Food Processor Power Power is an important consideration when shopping for a food processor. A powerful motor will help you get consistent results time after time. You will get even, uniform slicing and chopping. You will be able to make nut butters with ease without worry of motor strain. Bread dough is effortlessly kneaded in […]
Food Processor Power
Power is an important consideration when shopping for a food processor. A powerful motor will help you get consistent results time after time. You will get even, uniform slicing and chopping. You will be able to make nut butters with ease without worry of motor strain. Bread dough is effortlessly kneaded in minutes. Pasta dough comes together quickly and painlessly. Caesar dressing or mayonnaise can be emulsified without fear of separation. You can easily see why adequate power is imperative when buying a new food processor.
Wattage and Power Efficiency
Many consumers are obsessed with wattage and think watts are synonymous with power. In general, more watts will contribute to a more powerful appliance capable of performing kitchen tasks with ease. However, it is also important to appreciate the role efficiency plays when considering overall power available. A motor may use a lot of watts simply because it is not energy-efficient, leaving you with an appliance that wastes a lot of electricity without providing the power you seek.
Consider the type of motor used in any type of small appliance you are considering purchasing. There are two main types of food processor motors: direct driven and belt driven. In a belt driven food processor the motor is located to the side of the work bowl and connected by a belt. In a direct driven food processor the work bowl sits on top of the motor. This leads to a more efficient transfer of power. As a result a direct driven 500 watt motor will usually outperform a belt driven 500 watt motor.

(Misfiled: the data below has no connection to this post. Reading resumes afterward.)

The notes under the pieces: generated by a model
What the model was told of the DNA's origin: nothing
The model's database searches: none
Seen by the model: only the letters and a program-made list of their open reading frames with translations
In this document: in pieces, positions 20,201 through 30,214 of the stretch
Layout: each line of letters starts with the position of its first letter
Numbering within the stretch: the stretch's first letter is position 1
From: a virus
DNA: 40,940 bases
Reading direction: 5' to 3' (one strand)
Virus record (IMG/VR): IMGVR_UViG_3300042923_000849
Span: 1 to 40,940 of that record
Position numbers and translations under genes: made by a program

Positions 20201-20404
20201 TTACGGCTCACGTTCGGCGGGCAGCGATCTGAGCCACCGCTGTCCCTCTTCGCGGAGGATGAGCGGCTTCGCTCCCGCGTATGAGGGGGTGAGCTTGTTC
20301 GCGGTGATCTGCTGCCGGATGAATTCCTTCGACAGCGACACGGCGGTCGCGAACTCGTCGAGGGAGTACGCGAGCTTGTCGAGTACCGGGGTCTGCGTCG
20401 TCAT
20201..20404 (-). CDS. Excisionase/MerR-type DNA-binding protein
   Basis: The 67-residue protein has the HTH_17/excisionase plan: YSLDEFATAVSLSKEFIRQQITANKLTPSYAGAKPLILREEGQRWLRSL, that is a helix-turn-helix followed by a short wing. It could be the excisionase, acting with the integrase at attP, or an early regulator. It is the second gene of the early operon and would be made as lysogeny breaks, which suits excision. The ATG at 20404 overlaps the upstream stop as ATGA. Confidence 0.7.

Variations Within Motor Type
There are certainly many differences within the two main motor categories. One example; the Viking Food Processor has a unique 625 watt direct drive induction motor. While other models offer more wattage, in an induction motor alternating current (AC) voltages are induced by the magnetic and rotating field of the stator in the circuit. An induction motor is constructed with elements of steel, aluminum and copper. While this makes them more expensive than universal motors, it also increases their quality, durability and efficiency. The Viking likely has the most pronounced difference when it comes to motor type variation, but a myriad of other variables are present among the top brands.
Sorting Through The Information
So how are you supposed to sort through all of this? It is difficult to know how well powered a machine will be by simply reading the stats provided by the maker. That’s where consumer reviews become incredibly useful. Through honest, unbiased customer reviews you can gauge the efficiency and durability of an appliance. People who have actually used the product can tell you if the motor struggles on certain tasks. You’ll find out if the machine you are considering makes a chunky mush out of veggies when attempting to chop them. This type of specific product information will provide insight you won’t find anywhere else. Check out a detailed Food Processor Buying Guide as well as thousands of reviews by visiting Food Processor Reviews.